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Posterior Impingement

     - the hyperextension phase of throwing may be the most important component of internal impingement;
- in the late cocking position (abduction, external rotation, extension) may cause the postero-superior edge of the glenoid labrum to become caught between the humeral head and rotator cuff (surface of the infraspinatus and posterior fibers of supraspinatus tendon);
-  posterior glenoid impacts the articular surface of the infraspinatus and posterior fibers of the supraspinatus tendon;
- w/ anterior instability, there will be anterior translation of the humeral head on the glenoid which accentuates impingement of the rotator cuff against the posterosuperior glenoid rim;
      - exam findings:
              - tenderness over the coracoid has been attributed to a contracture of the pectoralis minor tendon secondary to scapular malposition.
- MRI findings: posterolateral humeral head edema, posterior labram fraying, partial rotator cuff tear;
- treatment:
- capsular stretching and dynamic strengthening of the rotator cuff musculature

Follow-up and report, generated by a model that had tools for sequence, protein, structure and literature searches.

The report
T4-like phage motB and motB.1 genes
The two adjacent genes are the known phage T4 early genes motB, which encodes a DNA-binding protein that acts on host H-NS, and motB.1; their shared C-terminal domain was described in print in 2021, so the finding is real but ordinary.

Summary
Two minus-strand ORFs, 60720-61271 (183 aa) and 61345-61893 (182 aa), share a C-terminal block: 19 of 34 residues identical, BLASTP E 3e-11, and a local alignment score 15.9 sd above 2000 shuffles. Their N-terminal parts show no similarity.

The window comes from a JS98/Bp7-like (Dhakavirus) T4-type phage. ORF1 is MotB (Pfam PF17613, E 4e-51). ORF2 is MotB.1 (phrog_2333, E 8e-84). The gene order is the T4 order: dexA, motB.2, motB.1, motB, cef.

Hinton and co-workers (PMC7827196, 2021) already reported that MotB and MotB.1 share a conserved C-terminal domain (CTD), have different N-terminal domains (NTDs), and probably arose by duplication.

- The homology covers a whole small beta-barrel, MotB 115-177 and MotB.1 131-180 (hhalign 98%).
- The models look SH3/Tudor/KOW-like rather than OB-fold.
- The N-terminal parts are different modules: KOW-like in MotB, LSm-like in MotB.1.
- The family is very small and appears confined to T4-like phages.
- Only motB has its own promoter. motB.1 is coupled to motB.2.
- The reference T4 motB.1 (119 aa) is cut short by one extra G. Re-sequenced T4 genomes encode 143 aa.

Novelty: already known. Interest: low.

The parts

- arthroscopic findings may reveal an isolated posterior cuff tear (or undersurface fraying) and fraying of the posterior labrum , and increased anterior capsular volume;
- w/ posterior impingment and recurrent anterior instability, anterior reconstruction (either open reconstruction or arthroscopic anterior reconstruction) may be indicated;

- references:
- Posterior shoulder pain in throwing athletes with a Bennett lesion: Factors that influence throwing pain,
- The posterior impingement sign: diagnosis of rotator cuff and posterior labral tears secondary to internal impingement in overhand athletes.
- Posterior superior glenoid impingement: expanded spectrum.
- Internal impingement: findings on magnetic resonance imaging and arthroscopic evaluation.
- Arthroscopic findings in the overhand throwing athlete: Evidence for posterior internal impingement of the rotator cuff.